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The Courage to Correct

September 7, 2010

I really appreciated the following admission by Paul Rees, the Senior Pastor of Charlotte Chapel.  It begs a question for the rest of us: when we make errors in our preaching, do we have the courage to correct it?

“It is always dangerous to go beyond your preaching notes. And last Sunday I added, off the cuff, the ‘fact’ that the High Priest used to enter the Holy of Holies with a rope around his ankle so that if he died there he could be dragged back out.   I pulled this fact out of the back of my brain as somewhere along the line I had heard someone say this…”

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3 comments

  1. Twice I had to admit the errors like that by sending an email to the church’s mailing list.

    One error was telling people that Simon means “sand”, and Jesus changed his name to “rock”. I said that only because some preacher said it somewhere else. And I haven’t checked the dictionaries before preaching!

    Another error was using a wrong etimology of a word.

    But what about doctrinal errors what we have outgrown during the years? Can we admit them or just continue with current (updated) knowledge?


  2. I couldn’t agree more that we need to be ready to confess our mistakes and sins to the congregation – the more we speak, the more likely we are to sin in some way or another, and as preachers we do more speaking in public than anybody. It’s not just the right thing to do anyway, it’s also pastorally good to set an example to our people of repentance – ‘our pastor doesn’t just talk about repenting – he does it.’ I think this extends to other sins in preaching – if we exaggerate a personal illustration to make ourselves look good, if we are too harsh with our flock in some point of application. If our sin is public, our repentance should be too.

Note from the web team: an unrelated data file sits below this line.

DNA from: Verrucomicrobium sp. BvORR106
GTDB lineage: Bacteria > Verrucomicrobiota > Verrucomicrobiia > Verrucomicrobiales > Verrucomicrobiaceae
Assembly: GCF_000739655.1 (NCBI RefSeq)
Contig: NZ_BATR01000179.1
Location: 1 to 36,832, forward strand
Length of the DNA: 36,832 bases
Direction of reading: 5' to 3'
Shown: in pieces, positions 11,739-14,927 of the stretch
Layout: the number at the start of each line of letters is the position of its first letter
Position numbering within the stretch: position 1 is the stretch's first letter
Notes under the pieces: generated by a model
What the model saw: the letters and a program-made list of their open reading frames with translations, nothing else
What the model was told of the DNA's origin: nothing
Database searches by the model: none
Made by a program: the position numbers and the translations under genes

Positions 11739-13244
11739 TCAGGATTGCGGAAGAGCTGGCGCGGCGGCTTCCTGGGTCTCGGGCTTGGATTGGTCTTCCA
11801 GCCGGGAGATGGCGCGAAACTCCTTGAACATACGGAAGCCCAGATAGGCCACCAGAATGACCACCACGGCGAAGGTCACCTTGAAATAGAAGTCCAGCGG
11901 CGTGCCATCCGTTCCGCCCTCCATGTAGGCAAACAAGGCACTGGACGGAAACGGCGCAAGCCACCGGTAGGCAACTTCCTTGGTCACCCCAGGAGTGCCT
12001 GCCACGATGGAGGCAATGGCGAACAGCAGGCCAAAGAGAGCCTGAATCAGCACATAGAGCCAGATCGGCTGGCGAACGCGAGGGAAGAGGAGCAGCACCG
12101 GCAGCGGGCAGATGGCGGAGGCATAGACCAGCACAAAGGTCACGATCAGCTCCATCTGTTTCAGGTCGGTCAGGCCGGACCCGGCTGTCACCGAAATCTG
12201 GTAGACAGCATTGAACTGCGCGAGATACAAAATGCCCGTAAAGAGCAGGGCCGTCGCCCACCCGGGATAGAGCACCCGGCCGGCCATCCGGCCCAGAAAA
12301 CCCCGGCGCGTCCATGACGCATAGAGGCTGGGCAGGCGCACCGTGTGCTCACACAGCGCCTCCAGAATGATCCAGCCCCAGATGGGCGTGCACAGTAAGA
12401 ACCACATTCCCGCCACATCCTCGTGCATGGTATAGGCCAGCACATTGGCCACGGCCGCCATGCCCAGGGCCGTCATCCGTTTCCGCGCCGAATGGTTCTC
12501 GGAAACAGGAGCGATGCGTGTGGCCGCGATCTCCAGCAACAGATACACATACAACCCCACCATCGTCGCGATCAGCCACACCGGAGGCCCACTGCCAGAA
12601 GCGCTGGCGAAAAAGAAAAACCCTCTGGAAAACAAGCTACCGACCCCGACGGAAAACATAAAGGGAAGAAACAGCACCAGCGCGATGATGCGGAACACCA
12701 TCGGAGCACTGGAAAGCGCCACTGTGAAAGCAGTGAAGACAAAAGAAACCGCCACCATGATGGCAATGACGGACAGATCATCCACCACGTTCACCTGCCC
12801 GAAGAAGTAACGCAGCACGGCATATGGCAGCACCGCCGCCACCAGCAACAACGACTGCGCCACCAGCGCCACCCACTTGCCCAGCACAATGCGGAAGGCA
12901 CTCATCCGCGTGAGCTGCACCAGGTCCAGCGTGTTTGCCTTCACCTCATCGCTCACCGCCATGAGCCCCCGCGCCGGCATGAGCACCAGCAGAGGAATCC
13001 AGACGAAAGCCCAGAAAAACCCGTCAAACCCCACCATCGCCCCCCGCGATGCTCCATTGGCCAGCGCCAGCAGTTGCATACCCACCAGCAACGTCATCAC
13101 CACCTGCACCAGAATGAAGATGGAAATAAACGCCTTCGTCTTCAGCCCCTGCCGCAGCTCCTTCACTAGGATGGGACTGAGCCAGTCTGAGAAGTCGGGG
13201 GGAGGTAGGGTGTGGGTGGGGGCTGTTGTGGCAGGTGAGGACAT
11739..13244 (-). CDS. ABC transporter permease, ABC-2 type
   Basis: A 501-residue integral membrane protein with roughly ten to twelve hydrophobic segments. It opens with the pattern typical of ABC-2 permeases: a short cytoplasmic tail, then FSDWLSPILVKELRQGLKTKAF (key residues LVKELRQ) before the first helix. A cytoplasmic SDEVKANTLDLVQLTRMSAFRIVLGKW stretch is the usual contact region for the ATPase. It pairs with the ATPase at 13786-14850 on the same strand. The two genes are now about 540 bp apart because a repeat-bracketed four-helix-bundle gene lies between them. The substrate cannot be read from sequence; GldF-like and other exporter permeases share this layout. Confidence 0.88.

Ironically, the example given was of the High Priest entering the Most Holy Place on the Day of Atonement – and his first duty that day was to make atonement publicly for his own sins as a priest – to publicly repent of his failures as a leader.

    Just BTW (because I’ve just read it in preparation for preaching on Lv 16 this Lord’s Day) the thing about the rope around the waist is half right – according to Tremper Longman III it was a later rabbinic prescription that crept in. So not Scriptural, but it did happen!


  3. Interesting thoughts here, I have gone back and from the pulpit admitted to an error or two and corrected myself. This is the problem with extemporaneously speaking, I try to reserve any thoughts that are not in my text to only come out with an illustration or perhaps an implication of the text that comes to mind when preaching but as far as exegetical work, we got to get that right before we ever step into the pulpit, thats my thought anyway. And my wife has reminded me that my extemporaneous illustrations are not thought out well…so no excuses for not studying and preaching what we have prepared beforehand.



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